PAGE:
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We were told the red leaves on this rosebush indicated disease and needed to be trimmed. Can anyone confirm or explain?

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    TL;DR; Do not cut these! This is new growth! New flowers. – Patrick B. Jun 21 '15 at 11:38
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Rose new growth is reddish from anthrocyanin pigments which protect the cellular growth from sunlight UV. It fades as the foliage matures. The new growth must be healthy without leaf distortion and the red pigment will fade out as the leaves mature.

The upper picture looks normal to me. The bottom one, I will leave to someone a little more experienced with the rose disease mentioned below to diagnose this early in the game. The leaves appear normal to me, personally I'd apply neem oil to all my bushes to kill any mites that might spread it and allow this one to mature out a bit more to see if it is normal growth.

The worry is whether it is rose rosette disease. When you have this in your roses, it is incurable. It is a viral disease spread by a sort of mite that inhabits wild roses. You uproot the bush and destroy it. Trimming it and then trimming other rose bushes will spread it to otherwise healthy bushes. You can only prevent it by controlling the mites with horticultural oils like neem oil.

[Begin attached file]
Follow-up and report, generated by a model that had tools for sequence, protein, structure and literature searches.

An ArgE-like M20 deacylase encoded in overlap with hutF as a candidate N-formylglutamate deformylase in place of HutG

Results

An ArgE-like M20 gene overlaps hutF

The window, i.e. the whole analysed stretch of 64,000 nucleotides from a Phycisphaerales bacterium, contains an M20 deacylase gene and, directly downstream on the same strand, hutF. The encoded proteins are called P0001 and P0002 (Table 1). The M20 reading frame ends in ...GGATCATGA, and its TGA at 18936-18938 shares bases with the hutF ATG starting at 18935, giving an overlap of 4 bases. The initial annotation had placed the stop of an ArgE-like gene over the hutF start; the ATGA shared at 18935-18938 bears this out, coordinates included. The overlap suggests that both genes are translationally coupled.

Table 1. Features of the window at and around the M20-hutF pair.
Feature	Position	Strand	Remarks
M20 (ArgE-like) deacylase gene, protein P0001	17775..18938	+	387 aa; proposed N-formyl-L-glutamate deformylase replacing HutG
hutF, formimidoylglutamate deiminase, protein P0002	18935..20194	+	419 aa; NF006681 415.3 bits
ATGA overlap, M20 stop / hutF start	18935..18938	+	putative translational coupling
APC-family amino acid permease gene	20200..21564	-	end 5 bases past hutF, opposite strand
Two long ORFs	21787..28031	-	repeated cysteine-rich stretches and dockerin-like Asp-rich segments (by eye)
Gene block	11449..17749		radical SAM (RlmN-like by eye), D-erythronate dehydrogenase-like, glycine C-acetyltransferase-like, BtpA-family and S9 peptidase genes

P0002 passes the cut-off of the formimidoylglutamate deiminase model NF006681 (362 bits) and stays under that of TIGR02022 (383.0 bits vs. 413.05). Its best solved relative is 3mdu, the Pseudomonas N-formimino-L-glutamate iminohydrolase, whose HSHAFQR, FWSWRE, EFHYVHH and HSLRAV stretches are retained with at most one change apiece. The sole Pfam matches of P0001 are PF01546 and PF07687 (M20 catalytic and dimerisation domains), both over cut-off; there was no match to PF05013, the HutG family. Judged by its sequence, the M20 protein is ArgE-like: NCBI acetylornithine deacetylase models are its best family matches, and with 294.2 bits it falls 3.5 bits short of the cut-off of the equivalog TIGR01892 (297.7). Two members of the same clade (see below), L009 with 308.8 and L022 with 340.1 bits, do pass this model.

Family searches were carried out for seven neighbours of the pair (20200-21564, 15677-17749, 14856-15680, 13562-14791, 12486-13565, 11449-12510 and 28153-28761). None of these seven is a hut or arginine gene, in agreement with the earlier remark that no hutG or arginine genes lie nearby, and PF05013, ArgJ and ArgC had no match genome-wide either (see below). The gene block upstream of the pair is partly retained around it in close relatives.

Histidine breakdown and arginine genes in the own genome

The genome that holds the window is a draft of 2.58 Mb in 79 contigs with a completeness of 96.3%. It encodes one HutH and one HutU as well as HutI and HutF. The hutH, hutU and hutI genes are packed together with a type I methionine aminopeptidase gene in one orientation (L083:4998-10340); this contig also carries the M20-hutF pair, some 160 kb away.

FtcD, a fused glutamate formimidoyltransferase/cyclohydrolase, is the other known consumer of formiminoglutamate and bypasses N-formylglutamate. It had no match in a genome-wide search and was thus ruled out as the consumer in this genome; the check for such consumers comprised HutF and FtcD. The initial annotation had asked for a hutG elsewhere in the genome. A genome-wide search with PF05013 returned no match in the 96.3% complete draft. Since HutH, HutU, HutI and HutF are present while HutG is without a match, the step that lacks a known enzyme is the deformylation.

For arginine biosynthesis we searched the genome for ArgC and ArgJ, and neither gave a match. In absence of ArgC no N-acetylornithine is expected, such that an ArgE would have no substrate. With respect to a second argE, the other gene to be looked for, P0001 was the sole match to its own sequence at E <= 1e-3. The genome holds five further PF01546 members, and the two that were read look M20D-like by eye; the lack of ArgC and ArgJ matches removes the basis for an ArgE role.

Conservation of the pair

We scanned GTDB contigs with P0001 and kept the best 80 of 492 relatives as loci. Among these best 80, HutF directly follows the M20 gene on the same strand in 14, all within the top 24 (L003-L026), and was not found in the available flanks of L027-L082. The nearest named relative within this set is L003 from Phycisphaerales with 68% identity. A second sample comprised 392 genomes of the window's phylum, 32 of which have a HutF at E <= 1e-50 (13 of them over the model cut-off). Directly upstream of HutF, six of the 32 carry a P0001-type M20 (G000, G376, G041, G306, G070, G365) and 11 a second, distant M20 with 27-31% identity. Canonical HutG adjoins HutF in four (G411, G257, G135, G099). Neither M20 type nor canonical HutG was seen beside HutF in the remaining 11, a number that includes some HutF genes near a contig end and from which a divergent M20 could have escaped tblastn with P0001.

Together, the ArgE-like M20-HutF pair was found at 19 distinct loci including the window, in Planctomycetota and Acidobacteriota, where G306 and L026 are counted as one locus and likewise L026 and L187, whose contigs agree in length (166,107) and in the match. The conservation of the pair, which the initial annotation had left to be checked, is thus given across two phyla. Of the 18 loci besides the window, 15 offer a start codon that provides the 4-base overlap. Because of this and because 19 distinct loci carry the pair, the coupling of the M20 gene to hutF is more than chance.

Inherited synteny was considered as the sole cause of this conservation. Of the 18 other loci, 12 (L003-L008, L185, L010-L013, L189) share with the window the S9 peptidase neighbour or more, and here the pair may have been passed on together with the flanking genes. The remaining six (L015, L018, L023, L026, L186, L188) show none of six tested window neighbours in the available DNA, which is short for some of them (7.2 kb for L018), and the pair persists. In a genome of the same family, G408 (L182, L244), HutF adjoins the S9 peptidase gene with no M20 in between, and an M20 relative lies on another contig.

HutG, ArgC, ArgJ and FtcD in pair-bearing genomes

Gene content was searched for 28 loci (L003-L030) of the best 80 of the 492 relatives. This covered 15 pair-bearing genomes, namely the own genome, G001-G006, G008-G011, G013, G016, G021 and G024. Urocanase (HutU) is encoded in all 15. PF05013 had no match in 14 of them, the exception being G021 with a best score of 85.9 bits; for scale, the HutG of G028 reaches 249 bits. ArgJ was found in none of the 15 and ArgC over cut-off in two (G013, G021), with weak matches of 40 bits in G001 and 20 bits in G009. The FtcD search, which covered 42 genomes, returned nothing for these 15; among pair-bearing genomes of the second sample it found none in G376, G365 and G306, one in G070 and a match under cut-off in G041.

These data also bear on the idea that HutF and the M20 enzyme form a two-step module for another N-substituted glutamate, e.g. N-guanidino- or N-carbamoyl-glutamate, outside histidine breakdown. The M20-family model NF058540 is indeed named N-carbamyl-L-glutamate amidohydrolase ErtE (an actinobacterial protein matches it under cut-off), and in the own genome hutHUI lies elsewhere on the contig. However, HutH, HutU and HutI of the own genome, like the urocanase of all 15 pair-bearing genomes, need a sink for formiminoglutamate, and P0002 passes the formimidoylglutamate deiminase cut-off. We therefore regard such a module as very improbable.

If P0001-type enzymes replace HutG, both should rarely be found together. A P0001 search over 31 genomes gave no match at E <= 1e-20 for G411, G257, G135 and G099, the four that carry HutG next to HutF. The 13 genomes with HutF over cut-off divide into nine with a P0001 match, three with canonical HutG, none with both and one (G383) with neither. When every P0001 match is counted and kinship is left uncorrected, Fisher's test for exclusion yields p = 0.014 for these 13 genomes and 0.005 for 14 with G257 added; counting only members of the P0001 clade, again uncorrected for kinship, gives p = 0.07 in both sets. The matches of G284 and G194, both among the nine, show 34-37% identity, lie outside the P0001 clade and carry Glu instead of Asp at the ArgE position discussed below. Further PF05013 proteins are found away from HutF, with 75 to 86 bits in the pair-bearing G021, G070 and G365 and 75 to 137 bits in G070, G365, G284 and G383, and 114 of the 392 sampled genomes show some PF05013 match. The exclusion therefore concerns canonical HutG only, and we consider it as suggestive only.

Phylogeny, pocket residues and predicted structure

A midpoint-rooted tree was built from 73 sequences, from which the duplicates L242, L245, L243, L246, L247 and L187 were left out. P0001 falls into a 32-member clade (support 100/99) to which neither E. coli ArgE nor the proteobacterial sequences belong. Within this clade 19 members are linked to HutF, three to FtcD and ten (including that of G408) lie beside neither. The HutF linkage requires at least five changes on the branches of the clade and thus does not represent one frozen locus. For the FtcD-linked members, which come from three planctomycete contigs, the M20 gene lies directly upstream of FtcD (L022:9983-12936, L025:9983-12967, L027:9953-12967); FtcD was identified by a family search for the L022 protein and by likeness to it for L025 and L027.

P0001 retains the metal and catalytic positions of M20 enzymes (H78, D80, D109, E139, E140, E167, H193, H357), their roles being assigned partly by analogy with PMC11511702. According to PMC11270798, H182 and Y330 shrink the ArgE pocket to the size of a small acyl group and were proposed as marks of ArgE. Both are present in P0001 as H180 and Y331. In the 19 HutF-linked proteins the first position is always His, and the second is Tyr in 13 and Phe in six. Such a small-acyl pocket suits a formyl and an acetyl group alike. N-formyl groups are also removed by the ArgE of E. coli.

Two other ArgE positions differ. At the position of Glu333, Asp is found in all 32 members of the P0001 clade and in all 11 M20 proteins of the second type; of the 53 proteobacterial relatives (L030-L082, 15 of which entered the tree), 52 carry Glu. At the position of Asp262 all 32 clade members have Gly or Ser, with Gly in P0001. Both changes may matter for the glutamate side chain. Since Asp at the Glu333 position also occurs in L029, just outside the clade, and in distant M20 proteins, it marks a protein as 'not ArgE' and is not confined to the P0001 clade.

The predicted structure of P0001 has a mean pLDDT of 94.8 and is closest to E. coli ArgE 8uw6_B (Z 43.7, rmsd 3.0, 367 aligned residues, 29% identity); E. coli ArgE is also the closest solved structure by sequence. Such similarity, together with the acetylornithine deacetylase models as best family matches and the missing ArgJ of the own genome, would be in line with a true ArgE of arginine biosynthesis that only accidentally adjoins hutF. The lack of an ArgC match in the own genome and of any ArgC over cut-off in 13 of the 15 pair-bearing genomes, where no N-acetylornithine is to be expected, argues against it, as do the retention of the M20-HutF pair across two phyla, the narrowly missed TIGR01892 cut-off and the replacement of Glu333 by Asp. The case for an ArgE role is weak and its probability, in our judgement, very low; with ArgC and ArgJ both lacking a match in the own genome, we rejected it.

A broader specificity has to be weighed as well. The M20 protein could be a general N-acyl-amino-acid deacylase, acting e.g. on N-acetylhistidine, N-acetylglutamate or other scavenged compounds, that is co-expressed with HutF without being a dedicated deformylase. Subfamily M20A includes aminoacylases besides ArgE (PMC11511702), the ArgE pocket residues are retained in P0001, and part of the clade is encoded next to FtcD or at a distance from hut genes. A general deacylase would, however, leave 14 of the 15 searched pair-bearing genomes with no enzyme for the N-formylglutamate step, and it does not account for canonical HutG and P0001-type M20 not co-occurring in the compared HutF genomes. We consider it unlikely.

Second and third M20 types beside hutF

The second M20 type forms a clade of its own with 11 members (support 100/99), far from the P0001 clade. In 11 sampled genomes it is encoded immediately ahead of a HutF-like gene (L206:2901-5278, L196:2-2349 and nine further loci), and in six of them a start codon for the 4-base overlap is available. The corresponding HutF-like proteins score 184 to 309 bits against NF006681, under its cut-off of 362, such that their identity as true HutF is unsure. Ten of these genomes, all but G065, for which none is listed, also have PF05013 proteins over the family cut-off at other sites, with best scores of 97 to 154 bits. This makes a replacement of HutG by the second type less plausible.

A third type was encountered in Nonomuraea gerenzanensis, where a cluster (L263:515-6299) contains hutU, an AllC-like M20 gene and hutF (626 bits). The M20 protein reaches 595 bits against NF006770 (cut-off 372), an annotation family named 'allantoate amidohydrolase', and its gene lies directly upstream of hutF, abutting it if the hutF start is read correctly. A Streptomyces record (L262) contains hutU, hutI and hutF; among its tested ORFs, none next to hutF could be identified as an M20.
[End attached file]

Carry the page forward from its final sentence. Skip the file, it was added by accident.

Rose rosette disease is also known as Witches Broom disease because of the strange growth development. The bush starts putting up odd new, overly succulent water-sprout like growth that is highly pigmented. The leaf structure in the growth is wrinkled, distorted and in really bad cases, you have stems with what look like multi-shoot broom shaped growth sprouting out of the ends.

The following should be long term links to image content that will allow you to see what rose rosette disease looks like, it's really ugly, you'll know it when you see it.

Clempson University link

Ohio University Chadwick Arboretum link

Cross species comparison of anthrocyanin pigmentation in new growth.

Healthy rose, top new growth hardening and pigmentation fading, smooth, well-formed new leaves, bottom newly emergent and heavily pigmented:

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10 feet away, a white oak showing the delicate pink found in their new growth:

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And the most brilliantly pigmented I've come across are Blueberries (not shown) and Poison Oak. See this in early spring, stay away. They're soft, tender and full of oil. These have aged a little, earlier on, they were reddish purple with pigment.

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  • Now that is what I call a response. Thank you. – Roger Jun 23 '15 at 14:25

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